A personality type well suited to an international pilot. I eventually arrived at Von River, a
huffing, puffing, sweating, pulsating wobble of a woman and plonked myself inelegantly by the side of the lake.
Beside me the yoga instructor deftly finished her stretches against a farm fence, not a hair out of place.
A water taxi transported us and our bikes around a short inaccessible area of the lake to Greenstone then it was back in the saddle for the seventeen kilometre ride to Kinloch.
Our bodies now warmed to the challenge of cycling, the twinges minor and the sense of “I can do this” was stronger than ever, which was just as well because this leg of the ride was more challenging.
Undulating trails lined with golden beech trees showered us with tiny gold discs at each whiff of a breeze as we settled to our own pedalling rhythms and became lost in our own thoughts.
Kinloch Lodge was a welcomed sight. Twinges had grown into aches and stomachs were growling. There was a passing thought of throwing myself off the Kinloch jetty into the refreshing waters, but that was all it was, a passing thought.
Day Two took us from Kinloch to Paradise, a distance of 29 kilometres, an area dominated by Mount Earnslaw which rises up from the Forbes Mountains with their long finger ribs of steep ranges plunging towards the river valley and mountain tops tinged with the old blue ice of a glacial past.
For a while the milky grey water and powdery shoreline of the Rees weaves along beside us but it is the clear, cool waters and intriguing braids of the Dart River with its stony banks warm from the sun which lure us into stopping for a sleepy lunch break.
The tranquillity only broken by the whine of the Dart Jet and its shower of white spray.
As we pushed towards Paradise Valley for our second night, Diamond Lake sparkled alluringly beneath the shadow of Mt Alfred and thickets of seemingly ancient trees dripping in lichen with roots dressed in green moss encased us.
This area had a dark energy and as we rode through the shifting afternoon shadows and dappled light we all pedalled a bit faster. None of us were surprised when Matt reveals that this was the haunt of the Dark Riders during Lord of the Rings.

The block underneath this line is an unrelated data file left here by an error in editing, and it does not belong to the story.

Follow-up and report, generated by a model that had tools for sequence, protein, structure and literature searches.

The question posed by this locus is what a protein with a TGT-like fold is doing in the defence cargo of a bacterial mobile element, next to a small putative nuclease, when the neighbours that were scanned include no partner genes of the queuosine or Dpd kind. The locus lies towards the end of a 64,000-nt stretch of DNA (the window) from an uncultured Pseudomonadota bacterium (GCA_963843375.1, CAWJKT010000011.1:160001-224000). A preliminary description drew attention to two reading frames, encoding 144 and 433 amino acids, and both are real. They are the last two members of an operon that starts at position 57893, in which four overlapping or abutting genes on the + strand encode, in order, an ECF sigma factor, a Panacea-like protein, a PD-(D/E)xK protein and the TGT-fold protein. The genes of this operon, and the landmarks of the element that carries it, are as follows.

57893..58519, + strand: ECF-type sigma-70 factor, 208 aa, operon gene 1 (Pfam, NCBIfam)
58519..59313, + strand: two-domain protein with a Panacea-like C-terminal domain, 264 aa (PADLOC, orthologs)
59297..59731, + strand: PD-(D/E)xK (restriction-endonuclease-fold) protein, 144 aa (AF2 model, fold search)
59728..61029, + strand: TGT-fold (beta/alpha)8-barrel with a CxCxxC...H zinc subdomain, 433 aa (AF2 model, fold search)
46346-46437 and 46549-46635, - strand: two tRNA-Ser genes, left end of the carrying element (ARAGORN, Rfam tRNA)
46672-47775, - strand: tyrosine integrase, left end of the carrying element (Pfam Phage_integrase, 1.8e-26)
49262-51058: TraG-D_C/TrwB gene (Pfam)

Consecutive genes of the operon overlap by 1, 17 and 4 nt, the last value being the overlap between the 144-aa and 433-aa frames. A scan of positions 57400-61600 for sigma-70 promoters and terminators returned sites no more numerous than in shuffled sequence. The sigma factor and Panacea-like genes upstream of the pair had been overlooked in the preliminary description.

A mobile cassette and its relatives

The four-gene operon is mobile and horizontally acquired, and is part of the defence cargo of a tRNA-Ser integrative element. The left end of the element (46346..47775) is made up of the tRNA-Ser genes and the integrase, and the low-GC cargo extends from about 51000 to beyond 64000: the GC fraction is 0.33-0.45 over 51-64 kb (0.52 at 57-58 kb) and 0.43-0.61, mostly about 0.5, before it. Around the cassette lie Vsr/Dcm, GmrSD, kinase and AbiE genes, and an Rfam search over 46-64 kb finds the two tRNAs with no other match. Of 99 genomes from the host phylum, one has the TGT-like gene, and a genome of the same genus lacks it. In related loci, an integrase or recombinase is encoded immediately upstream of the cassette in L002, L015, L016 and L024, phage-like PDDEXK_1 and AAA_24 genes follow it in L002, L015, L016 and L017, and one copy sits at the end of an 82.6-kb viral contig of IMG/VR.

Finally, an insignificant moss covered sign indicates that we have arrived at Paradise Lodge. This 19th century tourist guest house built by New Zealand’s first architect William Mason in 1883, was transformed into a guest house by its second owners the Aitken family; early pioneers of environmental tourism in the region.
Seasonal wear and tear, fires, the Great Depression and general neglect chipped away the finery of the stately home until ownership was taken over by the Millar family.
David Millar, a visionary who saw the importance of safeguarding the area from commercialization, put provision in place before his death in 1998 to protect the property by offering its sale for $1 to whoever produced the most effective plan for the protection, conservation and preservation of the area.
A trust was formed and in 2010 the fully restored guest house with all of the features, ambience and trimmings of an early colonial era was reopened.
After soothing tight spots on our now finely tuned bodies Kate drove us to Glenorchy’s famous G.Y.C.(Glenorchy Cafe) for our evening meal.
The cafe is the locals gathering place and before the evening was over it felt as though every one of the 470 locals had passed through, joined us for drinks,shared local knowledge and the odd bit of gossip.
Just when I thought my body had become a finely tuned cycling machine the final hill on the last leg of Day Four was a reminder that I’d probably never be an endurance cyclist.
I followed Kate’s advice,kept the bike in granny gear and inch by inch made it to the top. From that point there was only one thing to do, legs up off the pedals and whooping wildly my bike and I free-wheeled down.
Breathless with excitement I dismounted and sprawled on the ground totally satisfied.
I had experiencing the changing colours of Paradise, heard the babbled calls of its inhabitants, smelled its dank bush, trembled in its shadows, been humbled by the power of its towering ranges, forded its rivers and most importantly, discovered a bit more of myself. I had ridden The Paradise Trail.
How to get there:
Air New Zealand and Jetstar run regular flights direct to Queenstown. Private car or rental vans are also a flexible option.
What to Bring:
Cycle pants, casual shoes, light jacket and breathable clothing suitable for cycling.
If you can ride a bike you can do the trip. Options are available for those who want more exertion.
October to April
Maximum 12 riders.
email : firstname.lastname@example.org
0800 2 RIDE IT
+64 3 409 2999